Ever wonder what your children will look like when they grow up? Or your children's children? Maybe your kids have, too. Strange as it may seem, the human genome, while complicated, could be just the tool you need to combat moans about science homework. That is, if you can explain it in terms kids can understand.
The New York Hall of Science brings genetics to life with the exhibit, Genome: The Secret of How Life Works. Open February 3 through May 6, the exhibit's goal is to help bring a complicated scientific concept to life – introducing children to the history of genome mapping, the importance of the undertaking, and its impact on mankind.
Pretty heady stuff. The good news is, the museum does it in a fun, interactive manner, engaging children through hands-on activities and displays.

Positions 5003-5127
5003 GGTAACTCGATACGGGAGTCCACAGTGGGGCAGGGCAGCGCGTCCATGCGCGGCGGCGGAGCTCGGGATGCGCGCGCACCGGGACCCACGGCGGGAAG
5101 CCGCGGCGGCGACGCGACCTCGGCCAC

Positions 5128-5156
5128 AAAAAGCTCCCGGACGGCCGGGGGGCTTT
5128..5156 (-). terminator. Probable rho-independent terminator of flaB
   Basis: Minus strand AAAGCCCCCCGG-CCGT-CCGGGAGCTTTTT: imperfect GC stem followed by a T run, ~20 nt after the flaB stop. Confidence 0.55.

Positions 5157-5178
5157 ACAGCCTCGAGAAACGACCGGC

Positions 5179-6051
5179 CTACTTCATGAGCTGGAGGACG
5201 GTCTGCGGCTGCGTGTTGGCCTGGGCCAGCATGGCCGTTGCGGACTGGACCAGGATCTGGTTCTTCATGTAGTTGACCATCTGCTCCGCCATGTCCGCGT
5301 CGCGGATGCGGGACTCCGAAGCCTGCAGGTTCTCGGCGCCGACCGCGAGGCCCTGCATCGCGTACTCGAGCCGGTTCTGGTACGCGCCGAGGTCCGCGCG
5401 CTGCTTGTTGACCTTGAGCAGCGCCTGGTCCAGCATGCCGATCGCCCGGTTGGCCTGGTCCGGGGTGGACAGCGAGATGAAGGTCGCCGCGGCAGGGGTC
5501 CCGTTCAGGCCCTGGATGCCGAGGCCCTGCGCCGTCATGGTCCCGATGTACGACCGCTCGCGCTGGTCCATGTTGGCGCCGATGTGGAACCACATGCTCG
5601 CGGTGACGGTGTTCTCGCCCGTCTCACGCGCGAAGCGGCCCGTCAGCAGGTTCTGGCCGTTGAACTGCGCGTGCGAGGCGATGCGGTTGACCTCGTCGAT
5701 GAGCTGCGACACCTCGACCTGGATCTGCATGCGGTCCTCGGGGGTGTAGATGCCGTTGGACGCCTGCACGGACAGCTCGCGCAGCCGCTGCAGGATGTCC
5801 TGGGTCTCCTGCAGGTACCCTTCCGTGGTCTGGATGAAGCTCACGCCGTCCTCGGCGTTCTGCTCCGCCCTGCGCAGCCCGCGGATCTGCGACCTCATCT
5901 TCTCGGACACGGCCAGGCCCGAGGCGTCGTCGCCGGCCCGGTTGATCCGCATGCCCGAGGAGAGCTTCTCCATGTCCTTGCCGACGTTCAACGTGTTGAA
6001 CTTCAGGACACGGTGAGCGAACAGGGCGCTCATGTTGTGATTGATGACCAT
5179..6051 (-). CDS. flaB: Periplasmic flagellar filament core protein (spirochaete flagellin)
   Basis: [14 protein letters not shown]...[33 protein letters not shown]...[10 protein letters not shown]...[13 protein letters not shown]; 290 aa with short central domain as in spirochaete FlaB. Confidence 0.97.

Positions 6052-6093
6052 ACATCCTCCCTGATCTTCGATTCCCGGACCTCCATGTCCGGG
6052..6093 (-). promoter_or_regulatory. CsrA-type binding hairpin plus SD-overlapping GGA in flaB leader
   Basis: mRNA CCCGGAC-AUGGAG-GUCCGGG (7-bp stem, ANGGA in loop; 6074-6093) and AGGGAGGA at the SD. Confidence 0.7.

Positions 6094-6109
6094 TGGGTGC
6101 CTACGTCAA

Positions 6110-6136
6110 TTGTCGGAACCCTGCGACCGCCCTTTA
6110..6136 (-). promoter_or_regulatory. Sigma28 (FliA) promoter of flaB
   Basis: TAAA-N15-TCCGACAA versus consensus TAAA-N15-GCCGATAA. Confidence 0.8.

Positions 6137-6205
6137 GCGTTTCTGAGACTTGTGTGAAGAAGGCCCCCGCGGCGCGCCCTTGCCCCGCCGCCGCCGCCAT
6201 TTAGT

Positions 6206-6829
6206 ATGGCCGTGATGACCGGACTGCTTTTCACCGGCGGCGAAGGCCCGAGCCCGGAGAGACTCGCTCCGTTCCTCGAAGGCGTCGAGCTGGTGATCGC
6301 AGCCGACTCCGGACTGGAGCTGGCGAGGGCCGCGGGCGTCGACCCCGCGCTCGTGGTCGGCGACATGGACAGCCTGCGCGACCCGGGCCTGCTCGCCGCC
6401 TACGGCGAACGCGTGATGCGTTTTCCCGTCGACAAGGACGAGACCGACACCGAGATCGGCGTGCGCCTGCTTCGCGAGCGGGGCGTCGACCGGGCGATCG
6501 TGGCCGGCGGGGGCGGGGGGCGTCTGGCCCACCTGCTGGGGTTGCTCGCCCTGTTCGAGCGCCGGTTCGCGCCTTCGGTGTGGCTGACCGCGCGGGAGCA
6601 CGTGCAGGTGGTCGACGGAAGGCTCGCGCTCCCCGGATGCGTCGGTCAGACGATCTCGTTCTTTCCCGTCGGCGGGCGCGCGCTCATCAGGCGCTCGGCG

From an 8-foot-tall, 25-foot-long double helix, to unfolding drama on the big screen, this is science made cool. Kids can test the odds that their children will inherit certain characteristics by pulling the handle of a hereditary slot machine. Or they can head on over to The Cookie Factory for a mouthwatering lesson in DNA "ingredients" that "make" a human being.
Dr. Thomas G. Turi, senior research scientist with Pfizer Global Research and Development, a company that helped sponsor the exhibit, says it's high time for a family-friendly introduction to the topic. "The genome is central to medical research and future medical breakthroughs. However, in a national survey sponsored by Pfizer Inc., only 1percent of respondents said they would feel comfortable using the word "genome" in a sentence. Even if science isn't your comfort zone, it's never too early to teach kids how it matters.